Rep. Kunze Leads on Bill Strengthening Penalties for Strangulation in Domestic Violence Situations
Today, the Ohio House of Representatives passed a bill jointly sponsored by State Representative Stephanie Kunze (R-Hilliard) that increases penalties for strangulation in domestic violence situations.
House Bill 362 expands the offense of domestic violence to include strangulation and makes the first violation of this offense a third degree felony, while requiring a mandatory prison term. The legislation is in response to domestic violence incidents involving strangulation, which is strongly linked to an increased risk of homicide in future domestic violence cases.
“By changing strangulation from a misdemeanor to a felony, we are creating a cooling off period between a first incident and the possibility of a second,” Kunze said. “This cooling off period would allow victims to seek legal or medical assistance that could provide valuable resources to leave a potentially dangerous relationship. I am happy to see Ohio become the 39th state to pass this kind of legislation.”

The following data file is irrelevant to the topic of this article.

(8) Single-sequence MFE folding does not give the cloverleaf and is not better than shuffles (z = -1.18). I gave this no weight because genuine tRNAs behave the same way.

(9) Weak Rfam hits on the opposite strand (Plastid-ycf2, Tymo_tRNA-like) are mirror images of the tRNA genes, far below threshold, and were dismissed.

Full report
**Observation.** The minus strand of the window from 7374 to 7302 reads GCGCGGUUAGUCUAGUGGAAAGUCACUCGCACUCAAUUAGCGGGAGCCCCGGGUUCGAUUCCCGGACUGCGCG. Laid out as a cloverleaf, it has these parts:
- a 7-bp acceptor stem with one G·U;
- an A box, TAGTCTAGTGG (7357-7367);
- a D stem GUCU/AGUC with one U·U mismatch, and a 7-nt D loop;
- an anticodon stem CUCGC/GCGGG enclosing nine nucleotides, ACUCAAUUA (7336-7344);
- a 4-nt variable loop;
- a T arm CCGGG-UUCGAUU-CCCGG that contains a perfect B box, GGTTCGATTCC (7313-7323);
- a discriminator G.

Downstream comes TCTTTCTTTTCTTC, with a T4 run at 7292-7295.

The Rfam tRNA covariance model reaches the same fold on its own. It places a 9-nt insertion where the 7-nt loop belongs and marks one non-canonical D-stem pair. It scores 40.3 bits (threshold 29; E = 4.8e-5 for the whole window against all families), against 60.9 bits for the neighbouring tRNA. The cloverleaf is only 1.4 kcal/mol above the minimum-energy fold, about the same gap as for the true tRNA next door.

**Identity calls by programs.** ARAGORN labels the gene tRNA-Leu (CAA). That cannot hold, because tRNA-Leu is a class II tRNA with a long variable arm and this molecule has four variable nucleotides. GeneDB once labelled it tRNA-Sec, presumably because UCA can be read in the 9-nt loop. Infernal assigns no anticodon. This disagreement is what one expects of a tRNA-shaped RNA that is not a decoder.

Rep. Kunze worked with domestic violence advocates, prosecutors and representatives from the martial arts community to carefully define what constitutes strangulation in the bill. As a result, House Bill 362 states that no person shall knowingly impede another
person’s normal breathing or circulation by applying pressure to that person’s throat or neck.
During committee testimony, Amy Webber and Nicole Miller shared the story of their sister, Monica, who was a victim of strangling by her husband. Her husband only served 11 days in jail on a misdemeanor domestic violence charge. Nine months later, Monica
was stabbed multiple times and died the following month.
The legislation joins other efforts by the Ohio House to bring awareness to the issue of domestic violence through various reforms in Ohio law. This includes House Bill 359, which establishes an Address Confidentiality Program for domestic violence and sexual assault victims in Ohio.
HB 362 passed the Ohio House with unanimous support and now goes to the Senate for further consideration.